As such, details of the law have not been made public, though some details have emerged.

For example, it’s reported that under the law Beijing will set up a national security office in Hong Kong with the aim of gathering intelligence on what it deems to be national security threats, and even send some cases to mainland China for trials, the BBC reports.

In addition, Beijing will have the final say in how the law should be interpreted, and not Hong Kong.

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It has raised fears that Hong Kong’s judicial independence will be stripped away, and there are also concerns that government candidates who oppose the law would be disqualified from running in elections.

China was granted sovereignty over Hong Kong by Britain in 1997, on the condition that the “one country, two systems” principle be observed.

In essence this means that Hong Kong is able to have some freedoms, including an independent judiciary and democratic rights, which places in mainland China do not have.

It remains to be seen what implications the passing of the law will have internationally.

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Boris Johnson, for instance, had threatened that if China went ahead with the law then the UK would relax its immigration rules for certain Hong Kong residents and allow them to stay in Britain for longer than are currently able to.

Johnson said that the law would “curtain [Hong Kong’s] freedoms and drastically erode its autonomy”.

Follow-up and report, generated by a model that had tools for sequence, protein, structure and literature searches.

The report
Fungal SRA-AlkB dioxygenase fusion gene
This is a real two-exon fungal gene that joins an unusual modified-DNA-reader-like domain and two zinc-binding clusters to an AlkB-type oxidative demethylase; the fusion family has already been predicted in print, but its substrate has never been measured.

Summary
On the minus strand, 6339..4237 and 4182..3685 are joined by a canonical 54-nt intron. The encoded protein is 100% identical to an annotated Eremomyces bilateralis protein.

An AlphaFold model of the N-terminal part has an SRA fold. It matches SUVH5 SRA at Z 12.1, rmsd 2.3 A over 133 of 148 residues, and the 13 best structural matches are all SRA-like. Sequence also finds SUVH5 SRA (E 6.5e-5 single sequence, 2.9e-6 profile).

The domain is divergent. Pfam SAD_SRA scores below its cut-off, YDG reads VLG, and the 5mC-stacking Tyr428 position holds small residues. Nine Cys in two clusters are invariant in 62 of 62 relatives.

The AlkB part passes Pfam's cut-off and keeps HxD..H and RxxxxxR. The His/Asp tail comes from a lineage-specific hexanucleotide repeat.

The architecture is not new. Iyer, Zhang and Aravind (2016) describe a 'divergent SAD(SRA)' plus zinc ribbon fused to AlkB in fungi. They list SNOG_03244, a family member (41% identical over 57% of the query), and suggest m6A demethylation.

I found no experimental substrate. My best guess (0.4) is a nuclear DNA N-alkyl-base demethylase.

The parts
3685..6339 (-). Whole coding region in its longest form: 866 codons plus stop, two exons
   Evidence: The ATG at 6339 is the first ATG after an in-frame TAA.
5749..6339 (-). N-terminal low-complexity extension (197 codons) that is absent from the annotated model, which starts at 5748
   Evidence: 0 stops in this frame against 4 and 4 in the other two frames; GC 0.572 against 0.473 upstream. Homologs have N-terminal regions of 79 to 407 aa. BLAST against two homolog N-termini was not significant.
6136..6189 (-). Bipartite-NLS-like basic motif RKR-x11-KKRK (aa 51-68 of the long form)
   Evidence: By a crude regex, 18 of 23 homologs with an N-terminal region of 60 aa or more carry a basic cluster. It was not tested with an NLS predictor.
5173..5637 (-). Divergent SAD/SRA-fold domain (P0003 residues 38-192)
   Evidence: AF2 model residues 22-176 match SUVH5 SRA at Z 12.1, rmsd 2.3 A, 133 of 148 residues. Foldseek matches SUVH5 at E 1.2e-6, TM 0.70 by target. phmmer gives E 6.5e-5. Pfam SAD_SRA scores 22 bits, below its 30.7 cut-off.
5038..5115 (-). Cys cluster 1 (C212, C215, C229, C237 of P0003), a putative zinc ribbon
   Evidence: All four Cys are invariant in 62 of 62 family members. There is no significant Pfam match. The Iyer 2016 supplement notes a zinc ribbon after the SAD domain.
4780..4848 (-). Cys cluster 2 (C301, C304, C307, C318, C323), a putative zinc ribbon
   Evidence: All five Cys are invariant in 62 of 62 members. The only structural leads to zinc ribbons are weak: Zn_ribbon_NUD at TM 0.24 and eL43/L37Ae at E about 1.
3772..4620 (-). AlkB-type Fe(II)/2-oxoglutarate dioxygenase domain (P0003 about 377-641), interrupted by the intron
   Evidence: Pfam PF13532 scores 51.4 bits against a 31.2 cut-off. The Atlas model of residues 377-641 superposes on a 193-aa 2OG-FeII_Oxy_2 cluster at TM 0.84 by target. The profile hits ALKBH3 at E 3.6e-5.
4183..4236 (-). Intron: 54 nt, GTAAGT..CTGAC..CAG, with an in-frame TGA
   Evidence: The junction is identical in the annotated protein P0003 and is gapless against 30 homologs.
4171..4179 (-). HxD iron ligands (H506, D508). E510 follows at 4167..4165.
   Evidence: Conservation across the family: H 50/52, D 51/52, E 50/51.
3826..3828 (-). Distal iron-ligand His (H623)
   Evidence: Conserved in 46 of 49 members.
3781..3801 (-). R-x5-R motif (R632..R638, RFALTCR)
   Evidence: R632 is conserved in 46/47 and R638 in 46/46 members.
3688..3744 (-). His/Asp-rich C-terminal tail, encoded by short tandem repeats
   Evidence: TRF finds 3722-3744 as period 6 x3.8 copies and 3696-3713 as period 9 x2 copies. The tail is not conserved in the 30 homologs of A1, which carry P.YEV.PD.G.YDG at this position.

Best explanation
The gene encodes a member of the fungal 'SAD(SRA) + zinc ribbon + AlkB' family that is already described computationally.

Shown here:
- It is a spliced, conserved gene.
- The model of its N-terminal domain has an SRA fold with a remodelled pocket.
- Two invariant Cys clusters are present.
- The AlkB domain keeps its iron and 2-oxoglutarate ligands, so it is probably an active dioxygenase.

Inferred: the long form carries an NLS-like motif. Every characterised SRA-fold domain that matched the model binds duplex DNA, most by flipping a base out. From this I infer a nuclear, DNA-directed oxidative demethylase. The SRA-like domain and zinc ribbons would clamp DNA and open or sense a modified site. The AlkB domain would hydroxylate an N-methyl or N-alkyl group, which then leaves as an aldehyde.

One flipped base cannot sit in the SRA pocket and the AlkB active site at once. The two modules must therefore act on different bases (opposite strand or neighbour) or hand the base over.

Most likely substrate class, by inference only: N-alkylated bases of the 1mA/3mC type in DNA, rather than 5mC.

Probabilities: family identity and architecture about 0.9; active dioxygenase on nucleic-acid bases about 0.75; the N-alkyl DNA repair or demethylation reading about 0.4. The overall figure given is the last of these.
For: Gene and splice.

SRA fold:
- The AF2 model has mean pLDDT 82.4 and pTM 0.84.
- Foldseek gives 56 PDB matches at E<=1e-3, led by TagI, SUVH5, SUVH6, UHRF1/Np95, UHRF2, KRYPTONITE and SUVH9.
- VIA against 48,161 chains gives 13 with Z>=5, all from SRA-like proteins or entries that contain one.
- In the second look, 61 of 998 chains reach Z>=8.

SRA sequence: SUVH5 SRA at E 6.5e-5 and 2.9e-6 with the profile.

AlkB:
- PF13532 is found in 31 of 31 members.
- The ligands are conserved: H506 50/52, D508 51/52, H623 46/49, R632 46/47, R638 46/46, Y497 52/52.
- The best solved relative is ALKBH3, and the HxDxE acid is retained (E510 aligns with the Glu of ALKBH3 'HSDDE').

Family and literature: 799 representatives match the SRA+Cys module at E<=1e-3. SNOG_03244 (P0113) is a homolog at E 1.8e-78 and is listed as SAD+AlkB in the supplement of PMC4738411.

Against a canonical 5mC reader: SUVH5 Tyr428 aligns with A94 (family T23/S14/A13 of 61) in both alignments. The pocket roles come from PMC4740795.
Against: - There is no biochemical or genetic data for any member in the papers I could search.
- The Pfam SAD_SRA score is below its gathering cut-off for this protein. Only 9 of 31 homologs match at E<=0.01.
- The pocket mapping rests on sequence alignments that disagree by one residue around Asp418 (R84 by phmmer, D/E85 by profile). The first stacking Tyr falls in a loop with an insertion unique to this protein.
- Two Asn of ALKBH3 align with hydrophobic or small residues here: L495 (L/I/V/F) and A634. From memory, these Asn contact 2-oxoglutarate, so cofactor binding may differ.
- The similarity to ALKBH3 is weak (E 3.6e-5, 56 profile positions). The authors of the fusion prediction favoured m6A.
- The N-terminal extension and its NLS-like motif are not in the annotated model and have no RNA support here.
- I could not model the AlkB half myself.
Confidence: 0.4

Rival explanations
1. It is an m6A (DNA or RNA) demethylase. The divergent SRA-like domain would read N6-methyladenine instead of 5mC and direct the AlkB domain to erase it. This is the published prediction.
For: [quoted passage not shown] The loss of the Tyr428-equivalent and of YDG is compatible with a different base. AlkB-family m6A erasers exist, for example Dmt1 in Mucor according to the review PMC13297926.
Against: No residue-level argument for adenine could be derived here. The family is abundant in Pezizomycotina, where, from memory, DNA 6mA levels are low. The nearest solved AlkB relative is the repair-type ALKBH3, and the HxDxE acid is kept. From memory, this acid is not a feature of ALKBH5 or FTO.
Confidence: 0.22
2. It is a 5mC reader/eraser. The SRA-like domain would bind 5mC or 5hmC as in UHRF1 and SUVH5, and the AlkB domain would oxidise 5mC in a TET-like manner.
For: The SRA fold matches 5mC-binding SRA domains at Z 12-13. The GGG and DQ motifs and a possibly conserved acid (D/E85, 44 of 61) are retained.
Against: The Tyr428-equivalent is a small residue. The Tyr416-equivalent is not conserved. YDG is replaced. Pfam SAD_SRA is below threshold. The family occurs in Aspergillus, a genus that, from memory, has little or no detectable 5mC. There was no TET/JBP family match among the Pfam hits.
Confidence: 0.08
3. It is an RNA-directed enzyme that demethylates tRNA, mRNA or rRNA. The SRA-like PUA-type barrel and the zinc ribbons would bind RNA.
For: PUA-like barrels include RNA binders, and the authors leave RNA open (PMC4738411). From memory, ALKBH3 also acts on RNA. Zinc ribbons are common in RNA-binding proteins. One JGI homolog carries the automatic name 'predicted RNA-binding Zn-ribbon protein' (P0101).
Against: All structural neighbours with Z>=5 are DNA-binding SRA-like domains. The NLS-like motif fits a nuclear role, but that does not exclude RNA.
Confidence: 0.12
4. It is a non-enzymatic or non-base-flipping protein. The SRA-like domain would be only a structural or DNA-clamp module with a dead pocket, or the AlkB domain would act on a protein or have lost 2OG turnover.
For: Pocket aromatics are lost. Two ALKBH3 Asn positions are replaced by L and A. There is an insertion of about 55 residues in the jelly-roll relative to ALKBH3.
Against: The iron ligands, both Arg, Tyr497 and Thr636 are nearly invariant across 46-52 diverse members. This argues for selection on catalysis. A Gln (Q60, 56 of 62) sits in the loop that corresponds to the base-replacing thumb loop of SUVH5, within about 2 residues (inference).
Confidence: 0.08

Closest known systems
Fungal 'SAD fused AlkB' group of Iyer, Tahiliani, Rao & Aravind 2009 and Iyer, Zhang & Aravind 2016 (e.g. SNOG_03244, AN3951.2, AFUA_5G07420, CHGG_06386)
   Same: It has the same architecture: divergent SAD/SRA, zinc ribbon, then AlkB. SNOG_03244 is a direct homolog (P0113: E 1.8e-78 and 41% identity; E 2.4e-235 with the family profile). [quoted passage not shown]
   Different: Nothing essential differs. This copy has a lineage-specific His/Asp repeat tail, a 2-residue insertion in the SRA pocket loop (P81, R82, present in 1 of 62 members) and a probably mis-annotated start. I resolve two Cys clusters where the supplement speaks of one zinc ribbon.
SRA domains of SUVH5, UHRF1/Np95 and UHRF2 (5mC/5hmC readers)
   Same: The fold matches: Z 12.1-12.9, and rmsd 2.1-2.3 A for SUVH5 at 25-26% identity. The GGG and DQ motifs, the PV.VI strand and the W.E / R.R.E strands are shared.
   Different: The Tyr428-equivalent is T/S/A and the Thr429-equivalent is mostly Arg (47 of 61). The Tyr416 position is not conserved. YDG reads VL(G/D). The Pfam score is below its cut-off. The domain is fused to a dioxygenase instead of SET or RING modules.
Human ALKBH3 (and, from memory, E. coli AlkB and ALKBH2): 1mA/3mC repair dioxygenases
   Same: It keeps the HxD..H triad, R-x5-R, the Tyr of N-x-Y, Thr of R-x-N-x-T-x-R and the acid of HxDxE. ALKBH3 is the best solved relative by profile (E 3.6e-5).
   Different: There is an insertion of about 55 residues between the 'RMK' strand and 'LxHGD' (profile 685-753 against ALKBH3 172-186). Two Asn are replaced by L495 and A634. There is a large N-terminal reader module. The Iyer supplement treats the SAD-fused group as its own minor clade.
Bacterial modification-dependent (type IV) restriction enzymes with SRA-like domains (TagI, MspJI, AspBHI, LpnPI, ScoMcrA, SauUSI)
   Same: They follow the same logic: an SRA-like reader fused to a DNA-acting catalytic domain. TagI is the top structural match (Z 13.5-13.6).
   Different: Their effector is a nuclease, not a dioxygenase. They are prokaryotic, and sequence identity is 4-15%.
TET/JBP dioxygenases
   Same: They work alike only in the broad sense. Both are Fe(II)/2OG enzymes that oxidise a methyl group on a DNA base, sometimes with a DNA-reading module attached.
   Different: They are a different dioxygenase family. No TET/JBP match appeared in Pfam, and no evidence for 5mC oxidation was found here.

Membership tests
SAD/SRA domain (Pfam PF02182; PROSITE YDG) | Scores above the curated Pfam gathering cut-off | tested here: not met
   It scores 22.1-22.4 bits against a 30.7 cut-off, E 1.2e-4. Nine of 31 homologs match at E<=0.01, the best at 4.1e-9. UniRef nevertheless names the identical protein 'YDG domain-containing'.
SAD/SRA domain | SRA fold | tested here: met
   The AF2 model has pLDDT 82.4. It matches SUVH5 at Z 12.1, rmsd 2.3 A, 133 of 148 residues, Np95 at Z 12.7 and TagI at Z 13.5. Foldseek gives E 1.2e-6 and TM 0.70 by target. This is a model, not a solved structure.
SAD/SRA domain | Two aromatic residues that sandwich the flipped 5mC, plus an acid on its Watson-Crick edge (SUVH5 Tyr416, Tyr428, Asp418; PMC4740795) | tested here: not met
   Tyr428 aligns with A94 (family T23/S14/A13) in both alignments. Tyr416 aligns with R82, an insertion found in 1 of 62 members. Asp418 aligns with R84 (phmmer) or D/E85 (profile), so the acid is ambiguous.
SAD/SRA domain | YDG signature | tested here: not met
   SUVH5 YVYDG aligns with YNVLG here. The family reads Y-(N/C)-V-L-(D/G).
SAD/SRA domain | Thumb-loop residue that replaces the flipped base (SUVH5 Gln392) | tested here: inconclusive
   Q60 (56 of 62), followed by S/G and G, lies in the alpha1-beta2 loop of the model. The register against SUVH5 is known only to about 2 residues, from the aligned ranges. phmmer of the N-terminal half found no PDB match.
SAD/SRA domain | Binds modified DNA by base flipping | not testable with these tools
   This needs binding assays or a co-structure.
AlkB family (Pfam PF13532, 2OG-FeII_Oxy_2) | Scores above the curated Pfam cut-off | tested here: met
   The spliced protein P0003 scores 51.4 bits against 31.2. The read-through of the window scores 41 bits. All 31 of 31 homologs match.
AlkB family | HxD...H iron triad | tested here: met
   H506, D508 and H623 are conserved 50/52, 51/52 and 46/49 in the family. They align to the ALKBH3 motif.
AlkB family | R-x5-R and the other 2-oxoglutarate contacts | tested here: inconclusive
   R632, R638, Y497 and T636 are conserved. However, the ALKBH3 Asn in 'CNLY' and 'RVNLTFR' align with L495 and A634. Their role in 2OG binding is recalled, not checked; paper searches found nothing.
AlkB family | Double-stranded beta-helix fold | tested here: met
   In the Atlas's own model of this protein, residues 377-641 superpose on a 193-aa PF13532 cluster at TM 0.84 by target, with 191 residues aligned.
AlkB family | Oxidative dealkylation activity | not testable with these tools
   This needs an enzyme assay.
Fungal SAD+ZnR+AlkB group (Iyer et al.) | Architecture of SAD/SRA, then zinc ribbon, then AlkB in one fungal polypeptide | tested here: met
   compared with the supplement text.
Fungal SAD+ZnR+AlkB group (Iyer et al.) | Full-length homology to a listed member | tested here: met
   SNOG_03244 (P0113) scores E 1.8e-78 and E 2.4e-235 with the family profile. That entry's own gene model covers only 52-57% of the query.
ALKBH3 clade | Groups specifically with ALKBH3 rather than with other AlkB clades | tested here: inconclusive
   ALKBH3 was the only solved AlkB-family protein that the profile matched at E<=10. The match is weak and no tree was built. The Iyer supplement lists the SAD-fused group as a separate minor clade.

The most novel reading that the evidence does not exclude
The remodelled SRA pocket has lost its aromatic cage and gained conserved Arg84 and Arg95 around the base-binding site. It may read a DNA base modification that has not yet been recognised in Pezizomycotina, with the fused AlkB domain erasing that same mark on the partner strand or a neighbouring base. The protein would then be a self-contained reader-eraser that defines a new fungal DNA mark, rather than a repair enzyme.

He added: “Britain would then have no choice but to uphold our profound ties of history and friendship with the people of Hong Kong”.

It’s thought that around 350,000 Hong Kong residents hold British National (Overseas) passports while a further 2.5 million would be able to apply for them.

Holders of these passports would be able to come to the UK for a renewable period of one year – up from six months currently – and also be given the right to work.

Meanwhile, China has announced visa restrictions on people from the US who “behave egregiously” in regards to the imposition of the Hong Kong law. It’s not known how many people this would effect.

It’s thought to be in retaliation to US visa restrictions on Chinese officials that were imposed just days prior due to the Hong Kong legislation.

US Secretary of State Mike Pompeo said: “President Trump promised to punish the Chinese Communist Party (CCP) officials who were responsible for eviscerating Hong Kong’s freedoms. Today, we are taking action to do just that.

“Today, I am announcing visa restrictions on current and former CCP officials who are believed to be responsible for, or complicit in, undermining Hong Kong’s high degree of autonomy … or undermining human rights and fundamental freedoms in Hong Kong”.